Releasing a staff member for a professional development opportunity can mean extra work for everyone else. But as he writes in a guest post today, Ed Trombley, learned that it can pay off. Mr. Trombley, the registrar at Embry-Riddle Aeronautical University Worldwide, was slated to present on this topic at a session of the American Association of Collegiate Registrars and Admissions Officers’ meeting this week.
For the past several years, Embry-Riddle Aeronautical University has partnered with the University of Central Florida to offer the Leadership Enhancement Program to populations that are underrepresented within the university management structure, specifically women and minority faculty and staff members. Operated under the supervision of each university’s Office of Diversity Initiatives, the stated goals of the program are to enable participants to gain career enhancing skills and experiences to become successful leaders. The program is tailored to meet the individual needs and career goals of participants, and to empower them and help them develop a sense of who they are.
When a member of my staff approached me about participating in the program, I realized that I would have to learn more about it and consider carefully what kind of commitment this would involve. An investment of time and effort in the education of a staffer should be an easy choice, but it does mean time away from the office, and as everyone knows, the workload doesn’t diminish simply because you have allowed time away for professional development opportunities. The hope is, of course, that the time invested will ultimately be worth the sacrifice, as the employee who returns from the training will be more valuable to you as a supervisor. Still, I wondered, how much time away from the office would it mean?
My staff member had spoken with me before applying for entering the program, and had sought my written recommendation for her candidacy. She was eager for a challenge. I had involved her in new and varied projects whenever possible to facilitate her gaining new experience, but I had no immediate opportunities that would facilitate advancement or promotion in the office. However, I encouraged her participation, which entailed quite a few days away to allow for attendance at lectures and guest speaker presentations, project work, public speaking opportunities, and travel. She took full advantage of the opportunity; month by month she was growing and thriving in the program, and cultivating a new network of professional contacts. I was pleased to see the goals of the program being met for the participants. Still, I wondered what her reward would be when she returned to the same job with expanded horizons.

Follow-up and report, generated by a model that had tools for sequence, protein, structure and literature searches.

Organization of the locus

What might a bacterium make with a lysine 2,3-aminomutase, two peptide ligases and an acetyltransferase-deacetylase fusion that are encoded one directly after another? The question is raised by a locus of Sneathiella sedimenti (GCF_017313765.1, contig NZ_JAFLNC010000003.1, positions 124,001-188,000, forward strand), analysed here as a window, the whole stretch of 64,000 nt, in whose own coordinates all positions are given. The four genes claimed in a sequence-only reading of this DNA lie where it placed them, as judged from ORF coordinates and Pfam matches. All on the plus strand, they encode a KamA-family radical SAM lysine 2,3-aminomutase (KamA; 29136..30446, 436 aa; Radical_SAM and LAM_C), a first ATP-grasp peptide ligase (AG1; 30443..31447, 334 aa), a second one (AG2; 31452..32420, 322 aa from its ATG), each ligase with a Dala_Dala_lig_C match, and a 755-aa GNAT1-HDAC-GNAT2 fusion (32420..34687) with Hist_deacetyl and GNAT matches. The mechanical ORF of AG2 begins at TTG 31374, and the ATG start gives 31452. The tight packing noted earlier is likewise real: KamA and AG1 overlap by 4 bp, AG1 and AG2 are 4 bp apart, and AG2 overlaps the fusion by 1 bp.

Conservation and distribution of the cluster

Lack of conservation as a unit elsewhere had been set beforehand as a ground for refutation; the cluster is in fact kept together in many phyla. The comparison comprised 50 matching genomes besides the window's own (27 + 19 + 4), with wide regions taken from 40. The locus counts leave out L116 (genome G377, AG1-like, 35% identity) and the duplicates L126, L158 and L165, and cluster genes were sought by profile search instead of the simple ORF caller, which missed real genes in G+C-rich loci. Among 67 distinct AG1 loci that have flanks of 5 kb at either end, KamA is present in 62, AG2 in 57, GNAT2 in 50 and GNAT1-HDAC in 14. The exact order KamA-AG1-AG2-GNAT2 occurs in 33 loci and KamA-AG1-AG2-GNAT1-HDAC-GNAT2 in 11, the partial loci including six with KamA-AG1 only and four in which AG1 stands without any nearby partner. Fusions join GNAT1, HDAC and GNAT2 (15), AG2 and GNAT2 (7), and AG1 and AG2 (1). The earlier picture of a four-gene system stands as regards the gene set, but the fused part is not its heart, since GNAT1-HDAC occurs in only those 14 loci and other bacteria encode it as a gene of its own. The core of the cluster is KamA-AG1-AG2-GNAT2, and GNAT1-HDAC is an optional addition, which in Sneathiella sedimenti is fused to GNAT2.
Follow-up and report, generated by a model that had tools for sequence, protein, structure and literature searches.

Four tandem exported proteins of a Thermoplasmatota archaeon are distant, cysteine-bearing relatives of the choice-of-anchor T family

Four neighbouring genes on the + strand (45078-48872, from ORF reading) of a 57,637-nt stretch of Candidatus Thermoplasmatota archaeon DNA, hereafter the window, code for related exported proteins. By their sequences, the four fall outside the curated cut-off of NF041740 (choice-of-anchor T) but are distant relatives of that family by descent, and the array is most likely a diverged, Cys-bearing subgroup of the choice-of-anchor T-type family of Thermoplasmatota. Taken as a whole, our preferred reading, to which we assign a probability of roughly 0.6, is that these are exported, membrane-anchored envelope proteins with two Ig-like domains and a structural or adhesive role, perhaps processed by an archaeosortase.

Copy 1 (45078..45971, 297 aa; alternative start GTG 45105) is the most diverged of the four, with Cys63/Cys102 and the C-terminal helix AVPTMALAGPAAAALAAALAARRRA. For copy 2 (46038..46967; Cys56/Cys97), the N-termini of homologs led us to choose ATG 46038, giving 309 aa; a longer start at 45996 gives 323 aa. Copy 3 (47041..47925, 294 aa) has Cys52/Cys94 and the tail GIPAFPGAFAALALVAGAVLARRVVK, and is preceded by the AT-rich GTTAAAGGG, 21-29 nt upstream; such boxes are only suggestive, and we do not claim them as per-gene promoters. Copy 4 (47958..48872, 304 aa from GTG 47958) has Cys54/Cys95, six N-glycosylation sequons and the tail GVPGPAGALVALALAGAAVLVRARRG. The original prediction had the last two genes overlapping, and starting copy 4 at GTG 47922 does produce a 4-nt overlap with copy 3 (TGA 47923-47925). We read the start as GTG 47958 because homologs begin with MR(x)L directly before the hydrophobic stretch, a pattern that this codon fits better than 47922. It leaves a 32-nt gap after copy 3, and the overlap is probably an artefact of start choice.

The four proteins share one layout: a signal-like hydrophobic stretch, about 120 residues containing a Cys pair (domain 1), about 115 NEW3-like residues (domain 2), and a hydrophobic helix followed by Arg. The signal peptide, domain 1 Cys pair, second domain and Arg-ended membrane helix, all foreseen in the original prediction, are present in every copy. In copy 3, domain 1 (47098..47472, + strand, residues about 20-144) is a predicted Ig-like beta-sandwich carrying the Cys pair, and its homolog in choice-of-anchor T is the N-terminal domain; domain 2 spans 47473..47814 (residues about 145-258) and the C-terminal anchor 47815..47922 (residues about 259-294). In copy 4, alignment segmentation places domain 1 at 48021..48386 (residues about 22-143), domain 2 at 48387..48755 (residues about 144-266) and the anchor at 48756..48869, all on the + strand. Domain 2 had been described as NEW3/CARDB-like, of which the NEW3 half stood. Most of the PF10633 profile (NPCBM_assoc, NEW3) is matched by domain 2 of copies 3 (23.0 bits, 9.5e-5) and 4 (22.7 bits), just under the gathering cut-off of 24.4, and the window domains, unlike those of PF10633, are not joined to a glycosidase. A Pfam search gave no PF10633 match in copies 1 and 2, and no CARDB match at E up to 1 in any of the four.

I attended her graduation from the program. As I reviewed the projects created by the graduates, listened to their newly-sharpened public speaking skills and watched them networking with their new professional peers, I couldn’t help but be impressed by the seriousness of purpose with which they undertook this educational opportunity and the pride that they took in their accomplishments. This pride was reflected in the faces of the family, friends, and co-workers who attended the graduation ceremony. I could see that this experience had made a lasting difference in the lives of the participants. I was reminded that graduation ultimately produces the same feelings of attainment and of new beginnings for all graduates—whether they are our students earning their bachelor’s or master’s degrees and walking across the stage on a Saturday morning in May, or working professionals who are, at heart, life-long learners, though they walk a different stage.
Though I had wondered what the reward for my staff member and my office would be after her experience, I didn’t have to wonder for too long. Only a few months later, my boss sat down with me to lay out an organizational realignment. One of my staff members was being promoted to a different department, and in my office, some staff members would be promoted and two positions would be combined.
Though the subsequent changes allowed for promotion of a couple of deserving staff members and didn’t result in anyone leaving the University, the fact remained that I would have one fewer high level position. I was faced with the common managerial problem of how to do more, but with less. In a moment of clarity, my newly trained graduate came to mind, and my action plan formed quickly. I unexpectedly had a leadership opportunity, and a staff member who wanted a challenge and had been through training in project management, efficient use of time, and team building skills. I combined two positions into one, reallocated some responsibilities and got to work creating this new position. The time we had carved out for training, without any foreseeable benefit to my employee, other than self-enrichment, had suddenly become a prudent investment that could help my office maintain standards while coping with the loss of a staff position.
After this experience, I would encourage any manager who questions the wisdom of investing time, money, or office coverage to training the leaders of the future to plan ahead, and in so doing, hopefully avert a crisis tomorrow. It proved to be a shrewd investment in my staff and for my office.Return to Top